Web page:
Grain loaded into truck close up

Everyone has seen the August USDA report. The markets have adjusted. So the question now is simply, “What comes next?”

“All summer we have had a demand bear market,” says Don Roose, president of U.S. Commodities in West Des Moines. “We thought we had a supply bull market. That is no more.”

Since the Aug. 12 report corn prices nose-dived in search of a floor.

“We belly-flopped down till we found better support,” Roose says.

Now he suggests several possible approaches to today’s very difficult market situation.

The first is to keep an eye on the carry. The market right now has a 26 cent difference between December and July corn. That is worth noting, Roose says. It is clear that the market is sending a signal that it doesn’t really want corn right now. Farmers need to factor that carry into their marketing plans.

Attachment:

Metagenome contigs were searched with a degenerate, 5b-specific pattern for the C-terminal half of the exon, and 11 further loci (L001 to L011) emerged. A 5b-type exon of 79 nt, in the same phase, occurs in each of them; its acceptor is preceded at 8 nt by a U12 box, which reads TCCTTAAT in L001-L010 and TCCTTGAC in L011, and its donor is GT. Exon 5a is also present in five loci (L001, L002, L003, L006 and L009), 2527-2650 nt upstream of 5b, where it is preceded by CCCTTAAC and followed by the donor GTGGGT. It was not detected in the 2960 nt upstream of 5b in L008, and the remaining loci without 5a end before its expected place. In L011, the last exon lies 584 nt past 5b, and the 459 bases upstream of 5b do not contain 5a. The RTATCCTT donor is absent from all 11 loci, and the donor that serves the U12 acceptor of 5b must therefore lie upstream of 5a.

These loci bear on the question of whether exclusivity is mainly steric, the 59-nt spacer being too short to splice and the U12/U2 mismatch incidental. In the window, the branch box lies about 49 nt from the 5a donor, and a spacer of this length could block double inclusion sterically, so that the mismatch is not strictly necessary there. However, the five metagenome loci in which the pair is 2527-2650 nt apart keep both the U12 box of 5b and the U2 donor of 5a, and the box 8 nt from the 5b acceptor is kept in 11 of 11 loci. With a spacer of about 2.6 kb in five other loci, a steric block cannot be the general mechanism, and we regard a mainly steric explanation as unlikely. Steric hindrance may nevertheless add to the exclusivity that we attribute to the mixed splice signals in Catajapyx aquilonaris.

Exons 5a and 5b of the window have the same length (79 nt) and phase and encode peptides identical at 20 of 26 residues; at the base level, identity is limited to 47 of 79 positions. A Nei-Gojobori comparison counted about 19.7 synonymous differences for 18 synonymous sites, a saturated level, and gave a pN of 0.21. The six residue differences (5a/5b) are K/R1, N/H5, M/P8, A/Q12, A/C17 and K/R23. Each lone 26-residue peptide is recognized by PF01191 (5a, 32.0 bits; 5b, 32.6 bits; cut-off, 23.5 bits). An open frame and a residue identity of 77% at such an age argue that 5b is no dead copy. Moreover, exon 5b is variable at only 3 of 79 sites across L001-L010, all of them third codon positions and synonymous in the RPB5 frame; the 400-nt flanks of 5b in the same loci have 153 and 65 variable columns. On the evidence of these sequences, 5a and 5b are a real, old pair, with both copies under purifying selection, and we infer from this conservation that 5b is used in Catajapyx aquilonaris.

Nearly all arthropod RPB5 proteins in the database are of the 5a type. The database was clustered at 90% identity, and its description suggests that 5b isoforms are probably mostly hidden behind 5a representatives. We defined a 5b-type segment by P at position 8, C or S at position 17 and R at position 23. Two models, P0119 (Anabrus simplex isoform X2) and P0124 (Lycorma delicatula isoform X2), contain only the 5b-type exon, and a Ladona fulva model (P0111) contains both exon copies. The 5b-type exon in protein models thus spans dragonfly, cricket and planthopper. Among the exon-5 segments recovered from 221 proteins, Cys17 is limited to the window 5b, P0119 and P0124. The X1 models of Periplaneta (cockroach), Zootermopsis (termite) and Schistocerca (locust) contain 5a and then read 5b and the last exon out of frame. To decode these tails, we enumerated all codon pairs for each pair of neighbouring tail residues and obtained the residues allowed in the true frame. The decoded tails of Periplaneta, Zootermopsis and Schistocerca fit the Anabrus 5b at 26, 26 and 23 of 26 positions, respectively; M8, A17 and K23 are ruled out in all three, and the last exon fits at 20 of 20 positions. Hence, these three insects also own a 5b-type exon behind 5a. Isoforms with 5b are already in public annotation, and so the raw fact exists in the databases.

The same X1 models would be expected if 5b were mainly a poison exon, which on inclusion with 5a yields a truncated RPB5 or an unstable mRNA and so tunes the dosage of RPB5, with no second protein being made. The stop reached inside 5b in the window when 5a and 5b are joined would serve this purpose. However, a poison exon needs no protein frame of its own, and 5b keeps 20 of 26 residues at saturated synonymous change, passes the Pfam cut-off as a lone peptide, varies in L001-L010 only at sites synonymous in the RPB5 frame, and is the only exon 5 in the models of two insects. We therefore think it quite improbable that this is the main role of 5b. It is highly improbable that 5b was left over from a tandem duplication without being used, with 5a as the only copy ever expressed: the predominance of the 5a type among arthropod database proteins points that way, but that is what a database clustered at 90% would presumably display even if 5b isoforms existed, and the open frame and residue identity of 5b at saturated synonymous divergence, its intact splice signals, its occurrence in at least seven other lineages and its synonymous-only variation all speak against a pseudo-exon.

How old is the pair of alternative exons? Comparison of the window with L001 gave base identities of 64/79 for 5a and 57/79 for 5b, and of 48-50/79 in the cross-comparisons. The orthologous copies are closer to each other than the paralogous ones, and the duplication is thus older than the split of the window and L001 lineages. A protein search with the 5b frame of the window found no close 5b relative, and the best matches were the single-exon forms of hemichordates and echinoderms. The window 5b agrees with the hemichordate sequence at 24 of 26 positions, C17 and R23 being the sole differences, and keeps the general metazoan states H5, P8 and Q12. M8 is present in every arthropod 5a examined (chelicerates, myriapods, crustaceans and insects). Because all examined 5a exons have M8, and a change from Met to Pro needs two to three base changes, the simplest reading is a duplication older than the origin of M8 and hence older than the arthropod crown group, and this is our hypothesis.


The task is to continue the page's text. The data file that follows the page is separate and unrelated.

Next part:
The second item to keep an eye on is the basis. Futures prices are poor, but there are still going to be poor crops in some areas. That means farmers need to look at the local cash market and the basis, Roose says.

For some, this may mean a close look at the bottom line and at transportation costs as they decide how far it may be worth trucking corn.

The third item to be aware of is insurance. Roose isn’t talking about crop insurance here, although that is an important item. He is talking about taking advantage of market tools to reduce downside risk. There are tools that can be useful here.

And a fourth item to be aware of is the simple fact that the crop is not yet harvested. It is no secret that this year’s planting season was a rough one, meaning many crops are several weeks behind schedule. As a result, there are still some risk factors out there. A late crop means more concern about a possible early frost, for example.

The bottom line is that the USDA and the crop and weather conditions have changed the outlook. Farmers need to look carefully as they adapt to the new marketing situation.

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Gene Lucht is public affairs editor for Iowa Farmer Today, Missouri Farmer Today and Illinois Farmer Today.